Monday, August 10, 2009

An open letter to
Mass Comm majors

Around the country, universities are graduating students who have spent the summer completing their studies. Some are graduating from Colleges of Mass Communications with graduate degrees, some of whom will go on to become college professors, teaching the next generation of news people.

It is those few I would like to address.

I spent 25 years in broadcasting - all of them before you were born. There was one very prevalent characteristic of news people when I was in the business, a characteristic which seems to have become scarce... something called integrity. I want to ask you to help restore it.

When I started in broadcasting, the most powerful credit reference was the simple fact that you had been employed by the local radio station. By virtue of having been accepted as part of the local broadcasting, news-gathering team, you had instant good credit.You were trusted. You were believed. You were respected. Understand, I didn't earn that trust or respect, it was earned by broadcasters before me who displayed, unwaveringly, that characteristic called integrity.

Toward the end of my career, I took a leave from broadcasting to work for a newspaper. The Wichita Eagle-Beacon in Wichita, Kansas. I was employed in the advertising department, considered unfit for the editorial department because I didn't have a journalism degree!

Imagine... 25 years on the streets didn't count as much as four years screwing off in college, spending a few hours a week listening to a professor who probably never stood in a police station at 4:00am on a cold winter day, reading a synopsis of the previous night's happenings, trying to decide if any stories appeared to be of enough interest and concern to your listening audience to request the full report. (When one did, you had to study the hand written report of an exhausted, overworked police officer who, at 2:00 a.m., had tried to unravel some sort of altercation. You take notes, carefully recording names, addresses and who said what, return to your studio and write up the stories as you will read them. Then you re-read them. And you try to be sure you got it right, before you go on the air with them.)

Anyway, when I joined the advertising staff at the Eagle-Beacon, we were given a tour of the editorial department. Henceforth, we were not permitted in that side of the building for any purpose. God forbid that we may try to influence a news reporter on behalf of an advertiser. The advertisers... the city's business community... had become the enemy!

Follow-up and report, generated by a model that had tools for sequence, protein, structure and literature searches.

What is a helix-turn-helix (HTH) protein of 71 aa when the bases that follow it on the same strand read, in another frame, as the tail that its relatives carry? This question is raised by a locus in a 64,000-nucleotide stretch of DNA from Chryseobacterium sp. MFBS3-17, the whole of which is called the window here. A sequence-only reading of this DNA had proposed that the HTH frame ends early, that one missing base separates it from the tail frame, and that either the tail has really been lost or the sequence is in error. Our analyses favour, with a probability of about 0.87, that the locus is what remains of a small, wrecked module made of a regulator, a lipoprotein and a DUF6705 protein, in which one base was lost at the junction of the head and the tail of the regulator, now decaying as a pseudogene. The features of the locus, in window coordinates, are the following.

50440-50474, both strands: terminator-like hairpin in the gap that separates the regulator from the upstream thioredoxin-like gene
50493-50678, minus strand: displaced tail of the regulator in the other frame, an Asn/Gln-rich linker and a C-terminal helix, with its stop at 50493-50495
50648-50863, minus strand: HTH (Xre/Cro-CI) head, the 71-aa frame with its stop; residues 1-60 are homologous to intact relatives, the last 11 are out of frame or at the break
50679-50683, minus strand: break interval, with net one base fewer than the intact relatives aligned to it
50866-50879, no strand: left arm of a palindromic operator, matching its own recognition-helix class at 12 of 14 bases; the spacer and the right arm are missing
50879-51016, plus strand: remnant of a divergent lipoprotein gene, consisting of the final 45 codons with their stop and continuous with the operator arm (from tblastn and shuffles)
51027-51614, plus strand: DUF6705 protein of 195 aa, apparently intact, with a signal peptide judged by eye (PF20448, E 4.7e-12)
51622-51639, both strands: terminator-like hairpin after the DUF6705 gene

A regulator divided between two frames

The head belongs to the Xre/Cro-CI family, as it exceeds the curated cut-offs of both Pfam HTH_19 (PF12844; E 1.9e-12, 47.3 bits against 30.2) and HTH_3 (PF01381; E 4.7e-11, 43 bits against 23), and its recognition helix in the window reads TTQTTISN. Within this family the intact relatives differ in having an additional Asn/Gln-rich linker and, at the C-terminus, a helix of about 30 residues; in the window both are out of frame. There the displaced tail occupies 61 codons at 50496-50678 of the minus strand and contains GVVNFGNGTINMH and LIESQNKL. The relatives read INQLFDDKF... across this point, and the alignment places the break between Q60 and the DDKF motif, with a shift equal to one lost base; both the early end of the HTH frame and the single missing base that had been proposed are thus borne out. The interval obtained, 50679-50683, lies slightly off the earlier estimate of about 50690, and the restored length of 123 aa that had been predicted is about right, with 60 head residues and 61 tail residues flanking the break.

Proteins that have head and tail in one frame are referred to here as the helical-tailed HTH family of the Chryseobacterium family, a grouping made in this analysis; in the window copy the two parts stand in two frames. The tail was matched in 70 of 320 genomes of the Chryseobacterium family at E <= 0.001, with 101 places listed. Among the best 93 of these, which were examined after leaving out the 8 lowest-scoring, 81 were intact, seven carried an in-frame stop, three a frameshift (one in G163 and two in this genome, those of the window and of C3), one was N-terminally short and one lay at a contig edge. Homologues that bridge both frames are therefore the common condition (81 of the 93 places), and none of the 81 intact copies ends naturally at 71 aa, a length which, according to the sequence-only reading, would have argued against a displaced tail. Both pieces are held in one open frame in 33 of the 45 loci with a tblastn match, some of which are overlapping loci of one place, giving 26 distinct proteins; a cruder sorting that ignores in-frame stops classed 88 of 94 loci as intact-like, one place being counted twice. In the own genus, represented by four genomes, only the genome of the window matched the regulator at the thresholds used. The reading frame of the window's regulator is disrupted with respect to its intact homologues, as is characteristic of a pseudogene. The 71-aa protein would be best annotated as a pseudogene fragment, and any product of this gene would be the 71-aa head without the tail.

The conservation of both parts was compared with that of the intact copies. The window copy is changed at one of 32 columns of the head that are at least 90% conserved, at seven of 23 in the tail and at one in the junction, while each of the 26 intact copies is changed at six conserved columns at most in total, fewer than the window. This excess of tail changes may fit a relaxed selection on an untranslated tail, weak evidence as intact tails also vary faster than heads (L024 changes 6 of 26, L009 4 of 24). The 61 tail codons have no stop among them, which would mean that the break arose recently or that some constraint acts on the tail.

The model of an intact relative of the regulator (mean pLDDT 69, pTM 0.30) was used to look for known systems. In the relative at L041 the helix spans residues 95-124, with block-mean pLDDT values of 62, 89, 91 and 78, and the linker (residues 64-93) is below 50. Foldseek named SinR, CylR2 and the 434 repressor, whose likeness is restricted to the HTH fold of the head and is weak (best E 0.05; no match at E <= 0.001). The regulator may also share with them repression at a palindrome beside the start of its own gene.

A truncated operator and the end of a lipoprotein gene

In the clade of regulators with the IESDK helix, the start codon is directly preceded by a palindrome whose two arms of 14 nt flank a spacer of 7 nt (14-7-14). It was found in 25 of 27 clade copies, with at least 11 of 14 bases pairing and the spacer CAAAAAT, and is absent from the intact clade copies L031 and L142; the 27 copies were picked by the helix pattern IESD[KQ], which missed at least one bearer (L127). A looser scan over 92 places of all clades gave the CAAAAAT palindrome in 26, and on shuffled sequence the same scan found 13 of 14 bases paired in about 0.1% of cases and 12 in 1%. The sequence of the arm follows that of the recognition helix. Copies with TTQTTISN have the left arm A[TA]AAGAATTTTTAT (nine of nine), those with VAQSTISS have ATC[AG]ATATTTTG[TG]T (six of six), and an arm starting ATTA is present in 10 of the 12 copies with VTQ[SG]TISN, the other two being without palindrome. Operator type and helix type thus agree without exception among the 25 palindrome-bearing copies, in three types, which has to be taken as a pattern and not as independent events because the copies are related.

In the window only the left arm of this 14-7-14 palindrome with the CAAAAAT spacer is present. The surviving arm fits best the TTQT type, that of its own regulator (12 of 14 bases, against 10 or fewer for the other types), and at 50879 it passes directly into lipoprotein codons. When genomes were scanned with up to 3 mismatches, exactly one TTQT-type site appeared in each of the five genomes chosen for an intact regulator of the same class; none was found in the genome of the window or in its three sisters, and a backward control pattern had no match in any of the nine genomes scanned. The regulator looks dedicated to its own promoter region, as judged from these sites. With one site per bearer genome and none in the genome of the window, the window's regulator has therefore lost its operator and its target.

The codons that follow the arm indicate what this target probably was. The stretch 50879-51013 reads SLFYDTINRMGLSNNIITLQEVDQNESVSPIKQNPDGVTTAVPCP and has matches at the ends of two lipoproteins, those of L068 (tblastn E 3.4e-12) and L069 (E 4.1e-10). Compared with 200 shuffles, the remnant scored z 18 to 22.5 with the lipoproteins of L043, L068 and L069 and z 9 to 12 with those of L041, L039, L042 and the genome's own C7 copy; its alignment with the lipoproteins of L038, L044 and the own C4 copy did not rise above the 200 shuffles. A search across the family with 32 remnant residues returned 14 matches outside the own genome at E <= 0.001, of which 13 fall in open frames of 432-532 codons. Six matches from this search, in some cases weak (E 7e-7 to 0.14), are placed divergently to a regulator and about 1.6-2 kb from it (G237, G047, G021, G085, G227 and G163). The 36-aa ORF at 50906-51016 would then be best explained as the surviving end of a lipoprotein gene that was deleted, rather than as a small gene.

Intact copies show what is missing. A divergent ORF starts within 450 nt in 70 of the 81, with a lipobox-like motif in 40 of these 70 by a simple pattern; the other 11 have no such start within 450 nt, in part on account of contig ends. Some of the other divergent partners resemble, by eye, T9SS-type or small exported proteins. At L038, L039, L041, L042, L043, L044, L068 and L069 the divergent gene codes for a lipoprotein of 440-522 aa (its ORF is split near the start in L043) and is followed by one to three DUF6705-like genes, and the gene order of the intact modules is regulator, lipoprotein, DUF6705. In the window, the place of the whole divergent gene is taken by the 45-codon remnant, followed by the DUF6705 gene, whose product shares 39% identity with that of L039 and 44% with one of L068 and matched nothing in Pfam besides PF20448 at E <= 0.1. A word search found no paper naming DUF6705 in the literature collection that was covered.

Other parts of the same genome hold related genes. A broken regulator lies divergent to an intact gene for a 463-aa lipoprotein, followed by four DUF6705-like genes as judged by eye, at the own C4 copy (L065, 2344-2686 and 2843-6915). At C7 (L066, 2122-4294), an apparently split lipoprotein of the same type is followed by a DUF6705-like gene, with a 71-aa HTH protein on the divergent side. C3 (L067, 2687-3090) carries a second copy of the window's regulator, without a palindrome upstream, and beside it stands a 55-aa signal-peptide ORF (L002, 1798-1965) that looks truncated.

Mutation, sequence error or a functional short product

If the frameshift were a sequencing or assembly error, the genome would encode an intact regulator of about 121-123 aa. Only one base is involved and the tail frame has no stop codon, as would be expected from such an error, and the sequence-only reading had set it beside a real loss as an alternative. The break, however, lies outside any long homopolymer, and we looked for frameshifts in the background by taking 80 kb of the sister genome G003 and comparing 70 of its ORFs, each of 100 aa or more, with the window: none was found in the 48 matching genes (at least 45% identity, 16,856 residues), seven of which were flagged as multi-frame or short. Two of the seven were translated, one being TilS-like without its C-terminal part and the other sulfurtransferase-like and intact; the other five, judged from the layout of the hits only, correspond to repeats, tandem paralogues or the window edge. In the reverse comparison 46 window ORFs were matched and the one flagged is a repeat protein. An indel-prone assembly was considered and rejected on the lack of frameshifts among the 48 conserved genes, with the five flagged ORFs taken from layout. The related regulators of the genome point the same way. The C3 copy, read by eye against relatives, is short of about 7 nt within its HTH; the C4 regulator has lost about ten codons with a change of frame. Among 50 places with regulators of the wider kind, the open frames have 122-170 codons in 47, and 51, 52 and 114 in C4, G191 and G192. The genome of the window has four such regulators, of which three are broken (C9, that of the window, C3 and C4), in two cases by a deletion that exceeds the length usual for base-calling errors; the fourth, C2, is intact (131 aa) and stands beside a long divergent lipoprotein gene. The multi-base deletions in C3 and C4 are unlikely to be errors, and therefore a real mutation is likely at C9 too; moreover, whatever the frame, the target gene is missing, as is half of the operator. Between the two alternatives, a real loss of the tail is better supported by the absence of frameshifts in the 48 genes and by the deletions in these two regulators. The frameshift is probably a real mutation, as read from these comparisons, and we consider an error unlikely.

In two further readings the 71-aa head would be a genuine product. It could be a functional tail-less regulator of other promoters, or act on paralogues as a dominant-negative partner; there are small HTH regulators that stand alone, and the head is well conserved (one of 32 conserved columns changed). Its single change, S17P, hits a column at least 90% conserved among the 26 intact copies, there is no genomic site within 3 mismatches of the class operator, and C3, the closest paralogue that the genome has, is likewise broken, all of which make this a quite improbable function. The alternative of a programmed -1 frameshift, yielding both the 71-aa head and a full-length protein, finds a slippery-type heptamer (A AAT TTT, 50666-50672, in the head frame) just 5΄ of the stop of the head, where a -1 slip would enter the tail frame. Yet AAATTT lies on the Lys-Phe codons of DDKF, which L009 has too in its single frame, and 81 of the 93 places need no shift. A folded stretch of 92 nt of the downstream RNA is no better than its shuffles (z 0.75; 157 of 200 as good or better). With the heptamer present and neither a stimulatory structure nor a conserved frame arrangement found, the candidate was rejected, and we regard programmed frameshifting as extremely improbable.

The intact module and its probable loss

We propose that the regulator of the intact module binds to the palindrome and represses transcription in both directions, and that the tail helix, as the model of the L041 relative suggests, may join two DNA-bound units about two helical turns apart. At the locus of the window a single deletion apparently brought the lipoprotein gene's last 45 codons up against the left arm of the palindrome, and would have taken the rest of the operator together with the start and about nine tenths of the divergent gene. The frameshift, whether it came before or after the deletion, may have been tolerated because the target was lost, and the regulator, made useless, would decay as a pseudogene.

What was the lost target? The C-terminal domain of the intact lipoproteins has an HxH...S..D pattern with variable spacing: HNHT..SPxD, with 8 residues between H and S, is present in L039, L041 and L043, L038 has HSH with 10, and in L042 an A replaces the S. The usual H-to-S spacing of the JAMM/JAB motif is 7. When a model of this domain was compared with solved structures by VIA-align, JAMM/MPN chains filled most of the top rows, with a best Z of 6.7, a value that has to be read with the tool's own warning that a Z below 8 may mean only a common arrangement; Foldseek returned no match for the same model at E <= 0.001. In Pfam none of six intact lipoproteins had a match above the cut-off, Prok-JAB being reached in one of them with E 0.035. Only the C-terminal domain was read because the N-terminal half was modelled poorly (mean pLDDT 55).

Visiting politicians, after placing their ads with my department, were certainly welcome in the editorial department. There they were celebrities, surrounded by young reporters, eager to tell their story.

That was almost 40 years ago. It has gone downhill from there. Today, some reporters not only tell the politicians stories, they adopt their ideology and happily weave it into everything they write.

Now, students, you have completed this phase of your studies. I don't know what you were taught about honestly reporting the news, but at least you have learned to avoid the real sins of writing with those dreaded cliches. You have learned to use punctuation. You have learned to use spell-check.

So, here is my request to you young professors to be. First, get a job at a local newspaper or radio station. Discover first-hand what it takes to sort out the events around you and determine what is really happening, what is true and what is not, what is important and what is not. Write the news. Read the news. Study the news. And study history.

It is true that if it looks like a duck, walks like a duck and quacks like a duck, it is probably a duck. Learn to look and listen for quacks and waddles, and learn to check them out to see what they really are. Then tell us the truth. Yes, you will have to contend with editors, bosses, who started their career with a clove of garlic hanging over their computer terminal to keep advertising salesmen away. But it you learn the truth and you write the truth, they cannot always defy you.

At the end of the day, when you turn out the lights and go home, satisfy yourself that you have been only a messenger, faithfully carrying the true message, not an ideologue trying to persuade the dumb public.

When you return to academia, teach what you have learned. Teach that integrity trumps all else.

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